The fact that Rio Bravo is frequently placed near the top of lists of the best Westerns ever made is reason enough to see it but I was especially intrigued by how it made by Howard Hawks and John Wayne specifically as a response to High Noon. In case you don’t know, that film was about a sheriff who has to confront a powerful criminal gang and went around the town to solicit help but everyone just made their excuses and minded their own business. This didn’t sit well with Wayne at all who called it un-American and even helped to run the screenwriter of the film, Carl Foreman, out of the country for being a Communist sympathizer.
One night in the tiny town of Rio Bravo, local ne’er-do-well Joe Burdette murders a man in cold blood in a saloon. The sheriff John T. Chance, played naturally by Wayne himself, takes him and it’s also an opportunity for his deputy Dude to redeem himself after spending over a year in a drunken haze due to a girl. The problem is that Joe’s brother is a rich rancher with plenty of hired guns on his payroll so they expect trouble and the only other deputy he has is the aged and partially crippled Stumpy. Fortunately plenty of people show up to help the outnumbered sheriff including a young gunslinger nicknamed Colorado, a saucy and sexy cardsharp nicknamed Feathers who the sheriff initially suspects of being of being a con artist and even the owner of the local hotel, a Mexican named Carlos.
As a take of High Noon except in the opposite direction, this is pretty naked. Ordinarily I’d expect this to be trite, but it’s not for nothing that Hawks is one of the greatest American directors of all time and he just about manages to pull it off. The film oozes with feel-good American boosterism but it never gets on your nerves. It helps that Chance isn’t some kind of cowboy superhero. Though a competent gunman, he still makes mistakes and can be beaten by the bad guys but has his loyal and dependable allies to save him when needed. In return, Chance rewards them by providing moral support, a kind of manly tough love that is deliciously played with in the scene in which Chance kisses the top of Stumpy’s head, and by being the patriarch and pillar for the entire community. The single best scene of the film is when the heroes are waiting in the jail for the inevitable assault but instead of being nervous and scared they enjoy each other’s company and pass the time by singing songs, no doubt made possible because two of them, Dean Martin and Ricky Nelson, are played by performers who are more famous for being singers than actors. It’s probably one of the finest examples of masculine camaraderie ever put on film.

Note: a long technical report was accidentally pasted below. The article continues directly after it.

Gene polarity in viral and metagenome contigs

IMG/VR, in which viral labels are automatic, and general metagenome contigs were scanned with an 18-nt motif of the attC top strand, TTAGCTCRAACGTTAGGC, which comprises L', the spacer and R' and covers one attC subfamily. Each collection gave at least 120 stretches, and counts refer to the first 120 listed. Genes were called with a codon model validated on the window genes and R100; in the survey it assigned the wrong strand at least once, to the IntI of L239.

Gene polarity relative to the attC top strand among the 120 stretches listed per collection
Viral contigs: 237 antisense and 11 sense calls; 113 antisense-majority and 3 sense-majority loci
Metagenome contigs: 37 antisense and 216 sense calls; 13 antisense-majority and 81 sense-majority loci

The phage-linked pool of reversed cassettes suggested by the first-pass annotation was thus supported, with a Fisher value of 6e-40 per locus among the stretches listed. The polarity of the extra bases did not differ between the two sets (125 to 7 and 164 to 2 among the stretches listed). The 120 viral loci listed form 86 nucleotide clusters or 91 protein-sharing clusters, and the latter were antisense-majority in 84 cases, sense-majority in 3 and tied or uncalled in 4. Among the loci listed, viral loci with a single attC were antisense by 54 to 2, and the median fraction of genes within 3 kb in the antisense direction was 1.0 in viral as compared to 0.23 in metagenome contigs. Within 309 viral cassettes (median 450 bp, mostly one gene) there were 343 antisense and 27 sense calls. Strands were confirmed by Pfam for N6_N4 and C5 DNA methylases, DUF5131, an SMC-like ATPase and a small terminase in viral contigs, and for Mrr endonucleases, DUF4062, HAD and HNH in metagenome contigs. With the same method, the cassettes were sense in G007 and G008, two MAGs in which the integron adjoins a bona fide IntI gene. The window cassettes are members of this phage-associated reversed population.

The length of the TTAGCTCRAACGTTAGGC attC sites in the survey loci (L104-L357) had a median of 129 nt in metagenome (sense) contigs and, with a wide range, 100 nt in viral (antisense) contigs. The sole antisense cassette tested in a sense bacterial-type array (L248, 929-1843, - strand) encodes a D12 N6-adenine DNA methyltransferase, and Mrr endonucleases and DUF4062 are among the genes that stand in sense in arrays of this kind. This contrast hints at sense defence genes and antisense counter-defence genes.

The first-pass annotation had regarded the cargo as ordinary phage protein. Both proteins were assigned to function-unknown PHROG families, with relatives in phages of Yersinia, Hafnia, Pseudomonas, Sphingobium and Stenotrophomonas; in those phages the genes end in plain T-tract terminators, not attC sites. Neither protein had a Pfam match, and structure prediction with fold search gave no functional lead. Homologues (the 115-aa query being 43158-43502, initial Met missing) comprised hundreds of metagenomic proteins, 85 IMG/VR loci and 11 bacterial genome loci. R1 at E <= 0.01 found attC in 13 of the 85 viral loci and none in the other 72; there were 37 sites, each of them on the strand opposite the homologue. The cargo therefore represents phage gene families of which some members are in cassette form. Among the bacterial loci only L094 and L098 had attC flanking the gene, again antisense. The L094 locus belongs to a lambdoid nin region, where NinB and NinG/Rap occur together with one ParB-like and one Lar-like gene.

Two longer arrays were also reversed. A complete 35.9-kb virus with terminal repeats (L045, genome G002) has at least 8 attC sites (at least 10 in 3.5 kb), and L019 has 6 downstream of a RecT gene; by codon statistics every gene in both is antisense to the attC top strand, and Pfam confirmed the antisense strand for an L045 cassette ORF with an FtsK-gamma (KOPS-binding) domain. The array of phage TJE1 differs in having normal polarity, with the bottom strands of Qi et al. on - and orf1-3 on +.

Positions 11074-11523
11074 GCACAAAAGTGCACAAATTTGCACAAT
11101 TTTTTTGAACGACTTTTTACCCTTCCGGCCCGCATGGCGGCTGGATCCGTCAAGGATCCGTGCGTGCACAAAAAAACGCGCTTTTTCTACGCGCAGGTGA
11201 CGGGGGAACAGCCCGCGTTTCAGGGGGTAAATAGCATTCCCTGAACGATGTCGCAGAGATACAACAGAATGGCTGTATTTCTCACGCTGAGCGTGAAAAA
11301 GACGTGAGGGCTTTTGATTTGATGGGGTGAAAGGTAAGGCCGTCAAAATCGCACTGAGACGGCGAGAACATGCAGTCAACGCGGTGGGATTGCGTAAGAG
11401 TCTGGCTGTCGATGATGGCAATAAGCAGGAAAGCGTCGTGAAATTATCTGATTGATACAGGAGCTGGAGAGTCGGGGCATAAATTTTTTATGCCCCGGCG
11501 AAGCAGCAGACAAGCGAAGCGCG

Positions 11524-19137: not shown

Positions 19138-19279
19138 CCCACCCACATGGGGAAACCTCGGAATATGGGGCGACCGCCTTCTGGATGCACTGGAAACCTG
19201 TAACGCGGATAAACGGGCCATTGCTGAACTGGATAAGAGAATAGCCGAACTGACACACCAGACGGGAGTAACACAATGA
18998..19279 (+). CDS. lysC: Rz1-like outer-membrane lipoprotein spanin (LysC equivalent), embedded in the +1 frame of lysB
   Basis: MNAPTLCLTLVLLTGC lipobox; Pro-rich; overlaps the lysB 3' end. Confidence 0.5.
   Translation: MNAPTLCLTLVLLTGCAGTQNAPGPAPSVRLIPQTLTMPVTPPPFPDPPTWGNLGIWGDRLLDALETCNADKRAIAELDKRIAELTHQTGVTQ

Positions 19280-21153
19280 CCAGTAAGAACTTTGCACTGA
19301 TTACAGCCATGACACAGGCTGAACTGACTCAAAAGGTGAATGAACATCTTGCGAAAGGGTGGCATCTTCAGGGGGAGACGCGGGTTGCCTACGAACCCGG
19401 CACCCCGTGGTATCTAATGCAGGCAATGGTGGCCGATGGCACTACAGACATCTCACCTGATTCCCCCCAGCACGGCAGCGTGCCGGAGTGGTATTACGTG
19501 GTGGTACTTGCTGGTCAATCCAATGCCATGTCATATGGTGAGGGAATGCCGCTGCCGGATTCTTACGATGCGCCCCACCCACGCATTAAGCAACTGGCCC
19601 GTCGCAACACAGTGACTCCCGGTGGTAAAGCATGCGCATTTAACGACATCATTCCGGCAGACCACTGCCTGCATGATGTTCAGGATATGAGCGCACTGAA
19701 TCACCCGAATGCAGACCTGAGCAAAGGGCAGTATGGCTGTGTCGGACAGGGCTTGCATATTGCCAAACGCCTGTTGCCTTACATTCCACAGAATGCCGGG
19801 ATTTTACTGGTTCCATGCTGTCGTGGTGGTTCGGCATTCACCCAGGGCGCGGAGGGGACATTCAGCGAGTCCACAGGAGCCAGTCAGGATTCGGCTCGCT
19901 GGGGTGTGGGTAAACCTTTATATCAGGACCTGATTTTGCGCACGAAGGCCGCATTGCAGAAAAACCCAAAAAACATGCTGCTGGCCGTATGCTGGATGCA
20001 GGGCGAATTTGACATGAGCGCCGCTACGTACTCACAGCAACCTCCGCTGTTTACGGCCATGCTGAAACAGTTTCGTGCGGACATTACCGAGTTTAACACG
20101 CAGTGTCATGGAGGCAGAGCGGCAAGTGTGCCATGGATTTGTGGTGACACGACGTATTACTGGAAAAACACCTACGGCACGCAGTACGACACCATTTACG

The film’s focus on the hero’s relationships with his allies can also be seen in his interactions with Feathers. Despite his insistence that she leave town as soon as possible for her own safety, she stays behind to help even if it means going behind her back. It’s a delicious depiction of a tsundere infatuation and since Wayne is his usual stoic self most of the time, the smoking hot Angie Dickinson acts for the both of them or as she says, she’s the one who does most of the talking. The film also surprised me by not using her as the damsel who needs rescuing. Instead it’s poor Dude who needs to be saved, and on two separate occasions at that.
The villains on the other hand get short shift. Not just in having less characterization than a cardboard cut-out but by being used as a punching bag for the good guys. High Noon had a sense of tension that inexorably ratcheted up over time, exemplified by frequent shots of the ticking clock. Hawks tries his best but Chance and his allies never feel like they’re in much danger. Part of this is because Chance has plenty of competent allies to call on but another reason is that the villains seem oddly reluctant to actually kill them. One flunky explains that their boss wants the sheriff alive and of course they’re effectively holding the boss’ brother hostage in a jail cell. The good guys however fight with no such compunctions and cheerfully kill the bad guys in droves. It strikes me that this bloodthirstiness feels at odds with them with the heroes and that while this is a great film while American Sniper is a terrible one, it’s the same sort of morality at play. Stumpy even repeatedly states that he’ll “accidentally” shoot the imprisoned and unarmed Joe if his brother manages to get into the jail.
As hoary as all this sounds, I can’t deny that there’s something very reassuring and solid about Rio Bravo. It’s such a wholesome, romanticized view of justice in the mythical Wild West that it’s no wonder it topped so many of the lists. On balance however while it’s better than it has any business being, High Noon still has it beat with its originality, unparalleled sense of tension and its deeper message about the dark heart of humanity.